The Role of Sympathy and Empathy in the Sales Process
Here’s something I learned in my past about the roles sympathy and empathy play in the sales process. Keep in mind, you are sitting across from your prospective buyer because you want to help them solve their problem, not become a part of the problem.
When I went to college, the only way I could get a scholarship was by becoming a resident assistant, or an RA. I learned if I became an RA, the system picked up my room and board. At the time, I thought it was a great gig. However, I really didn’t know what I was getting myself into.
They taught a program called Counseling 302, where we had to understand that we might have people on our floor who could be dealing with some major issues. At the start, I didn’t take it seriously. My attitude was more like Mel Gibson’s from the first Lethal Weapon movie.
Remember in the movie when Riggs (Mel Gibson) and Murtaugh (Danny Glover) had a jumper on top of a building? The dude was going to commit suicide and Riggs went up there and was like, “just jump.” The guy was taken aback. After a lengthy conversation, Riggs handcuffed himself to the guy and called his bluff by saying, “You wanna jump? We’re going to jump.”
I was Riggs before I went to Counseling 302. I didn’t quite grasp the concept that there were people who had some real mental challenges. At that time, I based everything on my own experiences. I would have told the poor guy to jump. Or said something like, “Just stop eating, man. You’ll die. Mission accomplished.”
The Challenge with Empathy in Sales
After going through Counseling 302 though, I realized that people have real issues they have to deal with, and some of those issues can be overwhelming. Through this program, I gained a healthy respect for the counseling process. In one project, we had to do counseling which involved asking all the right questions. That’s when I learned the importance of empathy.
Here’s the challenge. Empathy requires a deep connection, and it’s hard. You and I would need to jump off the side of the building together, hold hands, live, and ask each other how we felt afterward. It’s hard to do. In many sales situations that I’ve seen over the years, empathy is not something you want to do, and here’s why.
If a salesperson is being truly empathetic, they won’t challenge the buyer when an objection stalls the process, or the sales process enters the negotiation phase. When you empathize with your prospect, you take on their mindset and their emotional state. You start identifying with their challenges and you start to buy into the reasons why they haven’t reached their desired situation.
One training insight from the sales profession is that somebody is gonna get sold. Either you’re gonna sell the prospect on why they need what you are selling, or they’re gonna sell you on why they can’t buy it. And if you empathize with your prospect, you’ve just been sold.
Leave the empathy for the practicing clinicians and counselors. There’s just no room for empathy in sales.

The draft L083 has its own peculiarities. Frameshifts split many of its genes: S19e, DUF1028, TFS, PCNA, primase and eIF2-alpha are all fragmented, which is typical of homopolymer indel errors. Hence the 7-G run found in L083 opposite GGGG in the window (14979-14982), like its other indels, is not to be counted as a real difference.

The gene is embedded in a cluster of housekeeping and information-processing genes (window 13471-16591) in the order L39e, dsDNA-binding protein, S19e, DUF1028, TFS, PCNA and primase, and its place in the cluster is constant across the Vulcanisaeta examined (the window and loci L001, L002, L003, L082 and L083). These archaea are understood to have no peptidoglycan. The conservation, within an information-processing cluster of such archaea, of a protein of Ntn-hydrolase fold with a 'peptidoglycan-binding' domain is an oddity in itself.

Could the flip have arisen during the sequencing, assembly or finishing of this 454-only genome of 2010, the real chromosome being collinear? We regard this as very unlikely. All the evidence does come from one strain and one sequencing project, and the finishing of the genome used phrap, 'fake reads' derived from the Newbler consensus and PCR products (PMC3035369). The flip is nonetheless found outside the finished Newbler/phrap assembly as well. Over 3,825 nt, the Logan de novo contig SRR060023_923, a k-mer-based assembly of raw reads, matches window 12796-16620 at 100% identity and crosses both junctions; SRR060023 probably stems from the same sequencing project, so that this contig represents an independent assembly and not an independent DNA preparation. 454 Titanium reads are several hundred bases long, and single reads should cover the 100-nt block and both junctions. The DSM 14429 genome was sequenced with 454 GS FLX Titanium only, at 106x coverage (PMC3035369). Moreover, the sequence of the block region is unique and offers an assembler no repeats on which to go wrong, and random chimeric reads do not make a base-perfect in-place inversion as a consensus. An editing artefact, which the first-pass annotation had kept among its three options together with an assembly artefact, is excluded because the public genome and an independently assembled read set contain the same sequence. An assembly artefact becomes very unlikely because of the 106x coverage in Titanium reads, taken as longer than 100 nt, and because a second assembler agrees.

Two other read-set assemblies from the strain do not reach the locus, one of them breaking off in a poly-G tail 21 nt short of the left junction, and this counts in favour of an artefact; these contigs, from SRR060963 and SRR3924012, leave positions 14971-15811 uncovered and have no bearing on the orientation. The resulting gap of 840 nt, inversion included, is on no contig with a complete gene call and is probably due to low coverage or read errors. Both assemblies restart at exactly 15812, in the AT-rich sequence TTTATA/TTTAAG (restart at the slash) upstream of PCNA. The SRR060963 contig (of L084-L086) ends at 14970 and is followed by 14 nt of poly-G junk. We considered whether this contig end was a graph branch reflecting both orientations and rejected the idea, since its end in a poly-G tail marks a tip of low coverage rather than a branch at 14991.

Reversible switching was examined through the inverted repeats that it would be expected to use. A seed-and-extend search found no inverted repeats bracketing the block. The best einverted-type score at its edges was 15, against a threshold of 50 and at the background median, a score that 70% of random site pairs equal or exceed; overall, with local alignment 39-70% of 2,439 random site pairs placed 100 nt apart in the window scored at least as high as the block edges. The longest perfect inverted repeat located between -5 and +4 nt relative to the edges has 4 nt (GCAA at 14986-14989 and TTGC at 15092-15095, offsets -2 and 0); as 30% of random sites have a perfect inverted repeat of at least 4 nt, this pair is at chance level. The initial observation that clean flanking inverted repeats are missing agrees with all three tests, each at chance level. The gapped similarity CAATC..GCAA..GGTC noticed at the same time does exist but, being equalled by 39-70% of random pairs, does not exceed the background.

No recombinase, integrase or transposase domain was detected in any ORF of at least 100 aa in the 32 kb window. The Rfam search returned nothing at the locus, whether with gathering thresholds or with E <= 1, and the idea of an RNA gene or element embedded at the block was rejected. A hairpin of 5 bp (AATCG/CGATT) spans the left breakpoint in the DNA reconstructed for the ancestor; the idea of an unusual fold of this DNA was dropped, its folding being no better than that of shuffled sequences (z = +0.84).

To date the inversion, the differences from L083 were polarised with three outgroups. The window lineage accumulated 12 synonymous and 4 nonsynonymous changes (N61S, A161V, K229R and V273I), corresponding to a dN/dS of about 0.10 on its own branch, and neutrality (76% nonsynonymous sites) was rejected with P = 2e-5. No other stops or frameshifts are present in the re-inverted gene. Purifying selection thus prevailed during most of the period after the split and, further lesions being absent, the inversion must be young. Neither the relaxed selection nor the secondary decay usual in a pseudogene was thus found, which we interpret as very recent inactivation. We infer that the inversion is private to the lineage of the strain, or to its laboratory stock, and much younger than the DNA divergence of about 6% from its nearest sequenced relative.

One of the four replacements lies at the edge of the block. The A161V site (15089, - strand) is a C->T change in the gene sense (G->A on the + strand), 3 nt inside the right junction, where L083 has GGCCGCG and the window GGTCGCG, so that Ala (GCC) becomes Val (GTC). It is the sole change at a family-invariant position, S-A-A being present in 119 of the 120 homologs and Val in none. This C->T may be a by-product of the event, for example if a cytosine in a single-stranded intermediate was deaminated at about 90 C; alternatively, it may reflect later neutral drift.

In Sales, Being Sympathetic to Your Prospect’s Ideas Pays Dividends
Instead, be sympathetic to their ideas, thoughts, and situation. When you are sympathetic to their situation, you can understand their problem without becoming a part of their problem.
I live from the Dale Carnegie side of things, having read the books several times. One of his principles states that you should try honestly to see things from your prospect’s perspective. And in sales, we live by that principle. If you can see the world through your prospect’s eyes, you can sell your prospect what they want to buy. However, immediately following that, he states that you should be sympathetic to your prospect’s ideas and desires.
I think you should be sympathetic to people’s ideas and desires, because, after all, they gave birth to them. You wouldn’t tell someone who just had a newborn baby that their kid was ugly. I’ve seen some ugly kids, but I would never tell a new mother that her kid was ugly. Why? Because she gave birth to that baby.
When selling, managing, and leading our teams, we spend a lot of time callously telling our people that their ideas are wrong. But we never stop to consider that they actually gave birth to them. I think the concept that we can always revisit as salespeople is to try to honestly see things from the other person’s point of view. For me, that’s the most important rule out of the thirty rules in the book How to Win Friends and Influence People. And once we have that perspective, we should always be sympathetic to their ideas and desires. It’s one of the best ways to win their trust and support.
Sales Process Debrief
So, to review, in sales and in sales management, try honestly to see things from the other person’s point of view, but be sympathetic to their ideas, thoughts, and situations. You want to be able to help them through their challenges, not become a part of their problem.
You’ll find additional ideas and methods for achieving rapport with your clients in Lance Tyson’s book, Selling Is An Away Game: Close Business and Compete in a Complex World available on Amazon. Get your copy today!